“I feel like I have a responsibility to use the prominence that I have to stand up for what I believe in and stand up for justice,” he said. “As an ice cream company, I can show to the world that something unscary, like ice cream, can be in support of this. It’s not just radical people committing vandalism, it’s regular people who care about other people, too.”

Potratz tore down a sign in Fifty Licks and frightened one of Draizin’s employees, but otherwise left the shop undamaged, Draizin said.

The Multnomah Building, where the local sheriff has offices, was a new target for the protesters. Previous protests focused primarily on police precincts and the police union building. Unlike those locations, the Multnomah Building also houses offices for county departments that provide social services that have no connection to the police. The building has been closed, except to take donations of masks and other protective equipment amid the coronavirus pandemic.

Tuesday night’s fire damaged important county resources that have nothing to do with policing, officials said, including the county’s Office of Community Involvement, which aims to engage historically marginalized communities in local political decisions about social services and the distribution of public resources.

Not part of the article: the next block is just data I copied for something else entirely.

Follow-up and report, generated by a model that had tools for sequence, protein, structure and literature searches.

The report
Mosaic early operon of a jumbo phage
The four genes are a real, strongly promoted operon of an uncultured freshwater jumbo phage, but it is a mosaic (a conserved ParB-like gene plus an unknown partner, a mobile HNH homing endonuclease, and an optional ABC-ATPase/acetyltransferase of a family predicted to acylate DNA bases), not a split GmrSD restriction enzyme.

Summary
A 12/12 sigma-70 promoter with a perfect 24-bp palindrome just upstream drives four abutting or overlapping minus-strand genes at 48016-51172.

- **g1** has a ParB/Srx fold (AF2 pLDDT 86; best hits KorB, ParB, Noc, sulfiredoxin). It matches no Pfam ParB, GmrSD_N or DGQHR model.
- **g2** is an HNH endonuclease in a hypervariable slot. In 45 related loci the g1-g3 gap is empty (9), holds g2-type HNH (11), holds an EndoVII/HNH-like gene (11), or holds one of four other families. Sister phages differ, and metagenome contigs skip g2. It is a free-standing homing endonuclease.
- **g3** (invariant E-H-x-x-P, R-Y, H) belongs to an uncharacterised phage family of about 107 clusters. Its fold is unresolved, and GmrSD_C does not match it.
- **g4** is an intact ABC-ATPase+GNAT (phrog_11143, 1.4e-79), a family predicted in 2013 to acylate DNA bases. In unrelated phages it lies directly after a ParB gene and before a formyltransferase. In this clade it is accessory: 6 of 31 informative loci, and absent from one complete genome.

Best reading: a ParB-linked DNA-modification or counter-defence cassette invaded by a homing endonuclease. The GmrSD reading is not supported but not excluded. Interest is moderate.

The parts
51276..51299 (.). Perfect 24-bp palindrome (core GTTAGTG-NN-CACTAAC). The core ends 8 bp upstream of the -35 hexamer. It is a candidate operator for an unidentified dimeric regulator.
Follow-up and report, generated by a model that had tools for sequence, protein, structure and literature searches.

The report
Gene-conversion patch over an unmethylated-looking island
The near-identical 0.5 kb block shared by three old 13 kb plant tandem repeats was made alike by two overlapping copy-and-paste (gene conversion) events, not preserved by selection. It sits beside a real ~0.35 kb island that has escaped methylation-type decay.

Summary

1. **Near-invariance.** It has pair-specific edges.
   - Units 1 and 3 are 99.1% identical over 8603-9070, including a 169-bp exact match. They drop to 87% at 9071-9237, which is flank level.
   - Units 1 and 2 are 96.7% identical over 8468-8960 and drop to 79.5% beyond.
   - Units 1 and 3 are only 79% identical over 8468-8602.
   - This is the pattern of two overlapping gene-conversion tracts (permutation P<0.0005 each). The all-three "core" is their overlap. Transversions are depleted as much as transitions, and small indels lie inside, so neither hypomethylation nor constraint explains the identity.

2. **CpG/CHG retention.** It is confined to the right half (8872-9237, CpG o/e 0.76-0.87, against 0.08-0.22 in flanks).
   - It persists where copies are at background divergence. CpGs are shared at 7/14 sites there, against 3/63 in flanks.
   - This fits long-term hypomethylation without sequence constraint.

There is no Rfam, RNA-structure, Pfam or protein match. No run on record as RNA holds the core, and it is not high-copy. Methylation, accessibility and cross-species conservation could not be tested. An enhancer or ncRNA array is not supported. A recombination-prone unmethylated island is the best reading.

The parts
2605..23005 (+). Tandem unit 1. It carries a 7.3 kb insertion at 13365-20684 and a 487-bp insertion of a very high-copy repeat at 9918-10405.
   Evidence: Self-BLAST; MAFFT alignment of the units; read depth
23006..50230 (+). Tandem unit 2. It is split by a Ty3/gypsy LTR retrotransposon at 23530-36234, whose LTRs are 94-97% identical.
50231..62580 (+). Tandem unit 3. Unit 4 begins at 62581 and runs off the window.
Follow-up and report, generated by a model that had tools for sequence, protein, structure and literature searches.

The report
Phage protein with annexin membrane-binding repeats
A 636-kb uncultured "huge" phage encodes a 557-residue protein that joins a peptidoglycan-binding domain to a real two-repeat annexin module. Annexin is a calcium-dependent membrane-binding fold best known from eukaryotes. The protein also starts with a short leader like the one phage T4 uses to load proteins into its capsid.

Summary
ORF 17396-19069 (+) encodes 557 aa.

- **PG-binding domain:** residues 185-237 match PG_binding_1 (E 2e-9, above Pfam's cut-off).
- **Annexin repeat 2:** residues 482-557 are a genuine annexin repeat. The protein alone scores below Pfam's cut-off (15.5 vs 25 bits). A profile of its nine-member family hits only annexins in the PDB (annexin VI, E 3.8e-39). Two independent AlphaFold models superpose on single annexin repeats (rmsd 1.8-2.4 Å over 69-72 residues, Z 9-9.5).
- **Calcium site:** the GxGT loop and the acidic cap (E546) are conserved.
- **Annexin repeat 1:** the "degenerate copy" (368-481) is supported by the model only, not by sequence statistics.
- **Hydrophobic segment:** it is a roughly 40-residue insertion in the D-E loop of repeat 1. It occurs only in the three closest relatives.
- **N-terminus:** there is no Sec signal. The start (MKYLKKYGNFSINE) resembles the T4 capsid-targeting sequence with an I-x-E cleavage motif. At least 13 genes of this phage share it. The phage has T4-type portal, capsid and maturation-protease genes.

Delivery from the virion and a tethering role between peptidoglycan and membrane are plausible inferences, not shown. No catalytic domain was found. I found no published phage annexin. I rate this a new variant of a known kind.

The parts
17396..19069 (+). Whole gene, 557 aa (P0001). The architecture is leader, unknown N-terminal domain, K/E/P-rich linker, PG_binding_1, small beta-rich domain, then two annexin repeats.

“The lobby where the first same-sex marriage in Oregon took place, and where millions of pieces of personal protective equipment are being distributed to help our community battle covid-19, was damaged,” Multnomah County Chair Deborah Kafoury said in a statement.

As protesters tried to light a fire inside the building, a curtain briefly ignited. Several pieces of burning debris were left on a desk just behind a broken window. Police said some people squirted lighter fluid inside the building and tried igniting the accelerant. The ensuing fire grew large enough to set off alarms and trigger the building’s sprinkler system, Portland police said.

Shortly after the fires were set, police declared a riot. They created a line of officers in riot gear and rushed protesters, pushing them deeper into a residential neighborhood. The Portland Police Bureau said officers deployed some crowd control munitions, and video shows police using pepper spray, but officers did not use tear gas to drive the crowd away from the Multnomah Building.

Officers also used batons to strike protesters caught up in the bull rush. In one instance, an officer pushed a woman from behind as she was moving away from the line of police, causing her to fall. She sat up and appeared to show identification hanging around her neck as the officer shoved his baton into her face. He did not arrest the woman.

Nearby, at least seven officers engulfed one person carrying a large speaker while walking in the direction police had dispersed the crowd. Some of the officers dragged the protester and repeatedly hit the person with batons. Then, they let the individual go.